•           Understand the methods of conduct a power analysis

•           Develop ideas towards mobilising strategies

•           Greater awareness of strategies for mobilising social change

•           Community outreach and public engagement

•           Qualitative research


Week 1.           Introduction to Community Organising

Week 2.           Anger, Problems & Issues

Week 3.           Power and self interest

Week 4.           Listening and relational power

Week 5.           House Meetings (1st assignment due)

Week 6.           Listening & Ethics

Week 7.           Power Analysis

Week 8.           Negotiation Role Play

Week 9.           The Power of Stories

Week 10.         Action, Assemblies & Turn Out

Teaching and learning methods

The course will be taught through ten two-hour workshops. Some of the workshops will be held off-campus to conduct hands-on community organising work.  Each of the workshop sessions will cover a mix of the academic readings, and some practical content, with practical experiences integrated into the module. Students will be expected to read key texts in advance of seminars.  The workshops will enable direct engagement with the theories and principles, and applied learning about how those ideas might could and do work in practice. 

Attendance at workshops is compulsory. If you know in advance that circumstances beyond your control will prevent you from attending a seminar, you should contact me as soon as possible to explain your absence.

Assessment methods

Method Weight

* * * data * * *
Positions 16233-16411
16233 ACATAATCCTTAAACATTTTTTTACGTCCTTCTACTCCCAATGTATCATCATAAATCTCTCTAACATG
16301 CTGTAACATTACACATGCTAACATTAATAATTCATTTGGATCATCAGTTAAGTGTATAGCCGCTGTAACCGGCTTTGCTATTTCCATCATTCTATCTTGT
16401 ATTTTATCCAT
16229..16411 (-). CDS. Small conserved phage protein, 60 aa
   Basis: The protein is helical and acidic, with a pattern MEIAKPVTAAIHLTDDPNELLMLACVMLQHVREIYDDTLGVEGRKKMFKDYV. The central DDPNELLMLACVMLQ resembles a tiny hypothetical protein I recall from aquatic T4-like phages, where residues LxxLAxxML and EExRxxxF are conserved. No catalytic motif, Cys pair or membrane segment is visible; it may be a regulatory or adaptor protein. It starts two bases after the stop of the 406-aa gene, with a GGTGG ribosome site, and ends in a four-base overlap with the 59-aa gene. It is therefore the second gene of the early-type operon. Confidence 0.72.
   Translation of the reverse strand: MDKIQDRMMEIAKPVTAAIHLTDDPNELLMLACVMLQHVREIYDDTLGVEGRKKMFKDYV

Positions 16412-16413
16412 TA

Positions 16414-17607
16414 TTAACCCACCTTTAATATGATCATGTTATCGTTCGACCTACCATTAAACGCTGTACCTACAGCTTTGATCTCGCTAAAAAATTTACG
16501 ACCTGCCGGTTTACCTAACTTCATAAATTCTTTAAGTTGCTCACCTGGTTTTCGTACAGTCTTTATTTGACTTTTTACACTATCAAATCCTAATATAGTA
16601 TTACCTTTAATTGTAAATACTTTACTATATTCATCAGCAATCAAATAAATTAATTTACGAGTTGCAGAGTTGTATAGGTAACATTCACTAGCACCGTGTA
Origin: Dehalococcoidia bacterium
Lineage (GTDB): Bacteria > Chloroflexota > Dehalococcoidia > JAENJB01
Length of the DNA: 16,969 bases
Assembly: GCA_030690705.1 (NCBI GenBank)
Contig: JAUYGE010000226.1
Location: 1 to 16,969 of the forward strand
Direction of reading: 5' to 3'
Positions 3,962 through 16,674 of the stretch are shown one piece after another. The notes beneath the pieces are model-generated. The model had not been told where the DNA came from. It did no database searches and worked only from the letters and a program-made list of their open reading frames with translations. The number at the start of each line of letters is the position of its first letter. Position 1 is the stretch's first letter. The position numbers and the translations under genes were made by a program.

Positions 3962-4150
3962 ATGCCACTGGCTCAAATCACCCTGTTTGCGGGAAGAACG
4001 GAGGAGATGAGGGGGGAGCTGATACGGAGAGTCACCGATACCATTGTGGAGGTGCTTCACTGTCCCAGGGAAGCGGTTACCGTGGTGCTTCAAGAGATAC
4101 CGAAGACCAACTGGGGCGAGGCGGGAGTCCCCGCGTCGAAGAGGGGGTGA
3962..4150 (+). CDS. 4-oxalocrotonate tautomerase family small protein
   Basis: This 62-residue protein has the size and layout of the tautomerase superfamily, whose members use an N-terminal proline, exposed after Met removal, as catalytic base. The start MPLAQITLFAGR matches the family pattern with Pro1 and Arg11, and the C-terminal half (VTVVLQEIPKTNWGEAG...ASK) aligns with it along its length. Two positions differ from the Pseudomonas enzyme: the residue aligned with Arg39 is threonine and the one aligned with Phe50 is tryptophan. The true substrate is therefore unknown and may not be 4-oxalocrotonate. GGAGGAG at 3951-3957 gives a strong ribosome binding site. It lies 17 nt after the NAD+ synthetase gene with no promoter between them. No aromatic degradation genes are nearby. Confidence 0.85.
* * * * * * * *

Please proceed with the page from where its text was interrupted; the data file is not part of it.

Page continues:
Written assignment (inc essay) 75%
Report 25%

Feedback methods

Students will be organised into small groups to undertake a reflective process of community organising.  The assessment will be individual, and consist of a project report of 1,000 words worth 25% of the overall grade, due in week 5, and a final essay of 3,000 words, worth 75% due at the end.

Recommended reading

Alinsky (1971/1989) Rules for radicals, New York: Vintage Books

Ritchie, A.  (2019) Inclusive Populism. University of Notre Dame Press.

Bolton, M. (2017) How to Resist. London: Bloomsbury Publishing

Bunyan, P. (2021) ‘Hallmarks of the Political in Community Organizing: An Arendtian Perspective’, VOLUNTAS: International Journal of Voluntary and Nonprofit Organizations, 32(4): 910–920.

Chambers, E.T. (2018) Roots for Radicals. London: Bloomsbury Publishing.

Freire, P. (2000) Pedagogy of the oppressed. 30th anniversary ed. New York: Continuum.

Gecan, M. (2002) Going Public: An Organizer’s Guide to Citizen Action. Boston, US: Beacon Press.

Lukes, S. (2005) Power: a radical view. 2nd ed. Basingstoke: Palgrave Macmillan.

Ledwith, M. (2010) Participatory practice. Bristol, UK: Policy Press.

Stout, J. (2010) Blessed Are the Organized. Princeton University Press.


Study hours

Scheduled activity hours
Practical classes & workshops 20
Independent study hours
Independent study 130

Teaching staff

Staff member Role
Elizabeth Richardson Unit coordinator

Return to course details